You love all the treats and stickers your teachers give out.  It’s quite a contrast from Montessori preschool, in which children are encouraged to learn for the sake of a love of learning, and there are neither punishments nor rewards. The Montessori experience was great and a good fit for your personality, but the bribery motivations of public school are pretty fun.  It’s also exposing you to a wider variety of people than you had met before, which is largely a good thing.  You told me I need to keep having babies until one has dark skin, as that is your favorite way for a person to look.  I’m sorry to disappoint you, sweetie, but unless we end up adopting, that’s unlikely.

You’ve also come into contact with some attitudes we’ve tried hard to protect you from thus far.  When you chose what some classmates deemed a “girl toy” as one of the aforementioned rewards, you proudly told me that you just ignored them.  That warmed my heart so much, Miles.  I hope you can maintain that sweetness and strength of character.  Kids can be little psychopaths, and you’re a tender guy.  At the very least, I want you to always know that no matter what kind of crap people throw at you, your home base can always be your sanctuary.  That doesn’t mean your dad and I will always give you everything you want (which would be a 100% junk food diet and video games all day).  It does mean that there’s nothing you can do that would make us turn our backs on you.

We went to a special school event a while back, Literacy Night.  You had so much fun showing us around your school.  You also got your own library card, which is something we’d been planning to do for a while, but we hadn’t gotten around to it.  The public library representative who helped you took your picture with your new card, and it turned out so cute that they decided to put it on a brochure.  It hasn’t been printed yet, but I’m excited to see it when it’s available.  You were pretty proud when I told you about it.  I was glad you had that reaction, because you might have gone either way with it.  Sometimes attention freaks you out.  I timed telling you to coincide with a Monster Mash ice cream cone at Heyn’s, and a blood sugar boost always lifts your spirits.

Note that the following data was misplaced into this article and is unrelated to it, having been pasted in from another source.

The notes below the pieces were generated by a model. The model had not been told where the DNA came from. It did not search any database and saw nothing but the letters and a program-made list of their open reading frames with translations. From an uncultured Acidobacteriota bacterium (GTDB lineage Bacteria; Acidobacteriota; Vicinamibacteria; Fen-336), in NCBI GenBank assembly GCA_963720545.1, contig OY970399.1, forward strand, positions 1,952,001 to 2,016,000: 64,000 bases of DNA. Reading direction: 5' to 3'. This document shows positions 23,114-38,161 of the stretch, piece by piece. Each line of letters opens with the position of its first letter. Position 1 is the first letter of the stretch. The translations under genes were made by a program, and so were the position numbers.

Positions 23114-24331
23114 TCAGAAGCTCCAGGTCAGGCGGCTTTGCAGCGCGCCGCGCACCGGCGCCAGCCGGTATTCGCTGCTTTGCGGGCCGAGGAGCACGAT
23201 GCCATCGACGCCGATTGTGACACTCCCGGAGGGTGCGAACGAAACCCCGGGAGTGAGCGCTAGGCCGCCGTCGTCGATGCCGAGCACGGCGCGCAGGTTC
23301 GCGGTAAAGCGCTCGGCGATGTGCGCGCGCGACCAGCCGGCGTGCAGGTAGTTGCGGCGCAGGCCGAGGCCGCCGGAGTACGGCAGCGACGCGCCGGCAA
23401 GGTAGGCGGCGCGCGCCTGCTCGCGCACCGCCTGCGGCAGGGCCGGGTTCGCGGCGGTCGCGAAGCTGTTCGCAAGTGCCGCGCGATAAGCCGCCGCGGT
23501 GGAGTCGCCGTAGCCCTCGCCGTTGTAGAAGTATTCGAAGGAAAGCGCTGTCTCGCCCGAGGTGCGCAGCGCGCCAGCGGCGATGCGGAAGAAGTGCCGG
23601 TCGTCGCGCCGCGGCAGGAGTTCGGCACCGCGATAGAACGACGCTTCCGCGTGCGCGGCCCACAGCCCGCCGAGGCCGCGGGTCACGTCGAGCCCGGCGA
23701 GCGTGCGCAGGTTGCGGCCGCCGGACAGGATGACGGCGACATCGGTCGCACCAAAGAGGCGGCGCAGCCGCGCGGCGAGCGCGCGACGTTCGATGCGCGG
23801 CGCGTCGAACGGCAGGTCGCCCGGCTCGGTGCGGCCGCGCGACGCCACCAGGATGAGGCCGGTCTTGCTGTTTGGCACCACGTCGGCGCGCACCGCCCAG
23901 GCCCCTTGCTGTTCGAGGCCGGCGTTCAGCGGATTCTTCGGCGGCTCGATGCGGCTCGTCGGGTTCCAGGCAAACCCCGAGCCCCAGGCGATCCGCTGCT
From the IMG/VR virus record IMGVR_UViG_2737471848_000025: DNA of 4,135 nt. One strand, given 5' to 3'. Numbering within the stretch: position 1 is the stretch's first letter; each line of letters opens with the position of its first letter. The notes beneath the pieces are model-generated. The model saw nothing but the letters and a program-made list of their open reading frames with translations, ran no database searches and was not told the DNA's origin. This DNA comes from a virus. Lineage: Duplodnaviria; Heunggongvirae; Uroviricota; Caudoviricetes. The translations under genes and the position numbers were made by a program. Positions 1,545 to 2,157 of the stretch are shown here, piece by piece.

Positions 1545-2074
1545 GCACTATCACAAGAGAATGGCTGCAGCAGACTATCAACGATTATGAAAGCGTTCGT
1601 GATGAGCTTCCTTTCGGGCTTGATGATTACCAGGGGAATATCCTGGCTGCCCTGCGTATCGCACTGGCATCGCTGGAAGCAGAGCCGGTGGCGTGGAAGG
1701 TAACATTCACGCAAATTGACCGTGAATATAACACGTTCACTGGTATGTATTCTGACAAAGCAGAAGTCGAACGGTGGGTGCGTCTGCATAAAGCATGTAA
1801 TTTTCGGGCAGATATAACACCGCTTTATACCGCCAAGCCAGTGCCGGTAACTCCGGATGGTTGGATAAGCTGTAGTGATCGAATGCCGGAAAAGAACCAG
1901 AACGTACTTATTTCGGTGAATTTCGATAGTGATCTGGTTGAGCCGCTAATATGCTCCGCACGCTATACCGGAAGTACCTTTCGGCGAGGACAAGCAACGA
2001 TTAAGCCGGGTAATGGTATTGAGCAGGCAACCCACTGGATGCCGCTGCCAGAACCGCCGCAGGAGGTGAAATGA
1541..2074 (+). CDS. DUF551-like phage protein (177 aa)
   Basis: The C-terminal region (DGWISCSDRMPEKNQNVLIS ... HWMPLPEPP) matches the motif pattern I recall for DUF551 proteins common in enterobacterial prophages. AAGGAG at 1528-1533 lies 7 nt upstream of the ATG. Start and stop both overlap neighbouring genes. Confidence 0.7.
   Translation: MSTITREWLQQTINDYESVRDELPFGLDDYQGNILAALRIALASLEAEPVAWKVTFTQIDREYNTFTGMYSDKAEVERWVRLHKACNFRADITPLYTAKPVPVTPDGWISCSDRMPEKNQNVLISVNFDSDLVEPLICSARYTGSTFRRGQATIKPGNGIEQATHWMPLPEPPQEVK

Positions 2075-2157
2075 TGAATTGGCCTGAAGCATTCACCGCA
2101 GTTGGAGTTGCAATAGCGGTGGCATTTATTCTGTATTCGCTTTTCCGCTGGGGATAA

You also got your school pictures back, with the same old classic blue background that has been featured in every public school picture I ever remember seeing.  It’s a rite of passage for you, though you probably don’t see it that way  now.  You’ve entered into the blue-background school picture world, and uninspired though it may be, I look forward to accumulating a big stack of them throughout the years.  Your picture turned out very cute, and it’s sitting in a frame on our mantle now.

Your reading skills are blossoming, too.  You’ve been writing new words and putting them together into sentences.  When we read stories together at night, you look over my shoulder and identify words.  My days of skipping paragraphs to get you to sleep earlier may be limited.  You still have a stubborn streak, and it’s very difficult to get you to do anything if it’s not on your own terms.  Maybe we can find a way to harness that power for good.

I’m glad you’re doing so well, and that your brain is churning with activity.  Have another good month, my sweet boy.  I’m proud of you now and always.




Don’t skip step B.

Filed under: — Aprille @ 10:36 am

T:  Why the ceiling fan not going?

A:  I was chilly.

T:  But…why the ceiling fan not going?

A:  I was cold.  Brrr!

T:  Why the ceiling fan not going?

A:  … because I turned it off.

T:  Oooooooh!